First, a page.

Lessons in Persuasion from an Unlikely Source
Who are the great persuaders of our day? Are they the top advertising execs who make their brands stand out from the competition? Are they the great attorneys who combine their knowledge of the law with their command of the English language to sway juries in their favor?
There are many great persuaders in America, but right now I’m riveted by a small group of young people whose collective persuasion is as unexpected as it is urgent: students at Marjory Stoneman Douglas High School (MSD) in Parkland, Florida.
Not everyone agrees with their agenda, as evidenced by some of the recent flak they’ve taken. But there’s no doubt they have captured the moment. Despite many school tragedies before this, these students have made their voices heard, coalescing a #NeverAgain movement, the National School Walkout, a March For Our Lives event, and a nationally televised town hall meeting among high schoolers and a sitting U.S. senator.
Arguably, there’s never before been more traction on this issue. So, what’s different?
That question is debatable, but perhaps it has something to do with debate itself.
The Broward County Debate Initiative, a collaborative program between the Broward County Schools and local businesses, was launched five years ago in 15 high schools – including MSD – where, according to its website “speech and debate students learn research, logic, organization of ideas, manipulation of language, assessment of audience, self-esteem and engagement in world events.”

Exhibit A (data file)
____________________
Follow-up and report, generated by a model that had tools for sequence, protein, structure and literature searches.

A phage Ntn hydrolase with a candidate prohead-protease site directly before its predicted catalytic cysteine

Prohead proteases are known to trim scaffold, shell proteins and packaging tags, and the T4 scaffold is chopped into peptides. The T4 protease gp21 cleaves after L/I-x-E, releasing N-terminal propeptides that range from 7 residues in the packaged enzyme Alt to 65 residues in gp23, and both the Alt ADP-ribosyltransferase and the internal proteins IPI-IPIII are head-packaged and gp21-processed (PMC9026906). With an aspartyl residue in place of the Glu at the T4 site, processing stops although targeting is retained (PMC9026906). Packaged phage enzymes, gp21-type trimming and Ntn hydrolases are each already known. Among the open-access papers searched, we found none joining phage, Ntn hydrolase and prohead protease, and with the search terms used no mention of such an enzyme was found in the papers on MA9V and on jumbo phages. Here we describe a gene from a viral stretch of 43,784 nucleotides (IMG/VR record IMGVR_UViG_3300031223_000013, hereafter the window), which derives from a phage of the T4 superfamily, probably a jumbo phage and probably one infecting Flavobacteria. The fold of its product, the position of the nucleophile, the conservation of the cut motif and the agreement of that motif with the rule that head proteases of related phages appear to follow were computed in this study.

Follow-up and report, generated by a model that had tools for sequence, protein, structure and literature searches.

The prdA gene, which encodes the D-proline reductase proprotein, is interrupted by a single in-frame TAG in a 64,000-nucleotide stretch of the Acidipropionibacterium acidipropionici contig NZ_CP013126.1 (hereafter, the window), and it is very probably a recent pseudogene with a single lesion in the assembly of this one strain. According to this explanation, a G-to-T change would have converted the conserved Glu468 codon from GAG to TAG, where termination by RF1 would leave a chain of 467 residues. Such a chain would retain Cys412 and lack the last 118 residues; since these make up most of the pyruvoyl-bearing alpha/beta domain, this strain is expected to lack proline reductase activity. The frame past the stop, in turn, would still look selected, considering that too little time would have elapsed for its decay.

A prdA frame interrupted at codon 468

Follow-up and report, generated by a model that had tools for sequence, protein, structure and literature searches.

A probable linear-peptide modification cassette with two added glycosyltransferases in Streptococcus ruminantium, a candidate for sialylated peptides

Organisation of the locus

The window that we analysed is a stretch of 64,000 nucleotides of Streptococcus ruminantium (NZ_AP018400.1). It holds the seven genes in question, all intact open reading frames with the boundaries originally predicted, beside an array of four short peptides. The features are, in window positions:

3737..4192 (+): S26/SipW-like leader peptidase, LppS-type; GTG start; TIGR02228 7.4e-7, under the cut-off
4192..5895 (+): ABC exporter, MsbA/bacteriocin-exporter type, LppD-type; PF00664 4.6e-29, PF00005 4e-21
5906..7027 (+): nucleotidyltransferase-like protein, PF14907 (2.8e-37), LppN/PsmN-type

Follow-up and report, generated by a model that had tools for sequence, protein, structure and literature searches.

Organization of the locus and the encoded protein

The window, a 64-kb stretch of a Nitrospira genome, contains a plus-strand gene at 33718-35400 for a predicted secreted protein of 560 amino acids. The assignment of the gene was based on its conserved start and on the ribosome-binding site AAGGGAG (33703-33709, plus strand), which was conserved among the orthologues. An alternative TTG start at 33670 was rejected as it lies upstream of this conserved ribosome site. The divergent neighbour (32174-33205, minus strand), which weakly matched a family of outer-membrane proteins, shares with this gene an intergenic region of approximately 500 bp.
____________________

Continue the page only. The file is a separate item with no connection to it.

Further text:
Five years later, the Debate Initiative encompasses approximately 12,000 students. It is in all 79 middle and high schools in the district and is making its way to the elementary level.
Many of the students showing up at rallies and on the nightly news are participants in the initiative, and it shows as they make their case for being safe at school – a case that’s prompting action from citizens, businesses and elected officials.
On the idea of a healthy society that thrives on civil discourse, these students are taking their elders to school, even in the face of some harsh criticism. The ones I’ve seen make their points in a measured, reasoned way, without shouting, without name-calling, without the stridency we see so often from others. Thanks to the Broward County Schools, they have learned what seems to be a lost art: respectful public debate on the issues.
Imagine these lessons in persuasion being taught to more students across more districts around our nation. What an impact it could make on our future workforce, our political dialog, and our ability to foster an informed and engaged citizenry.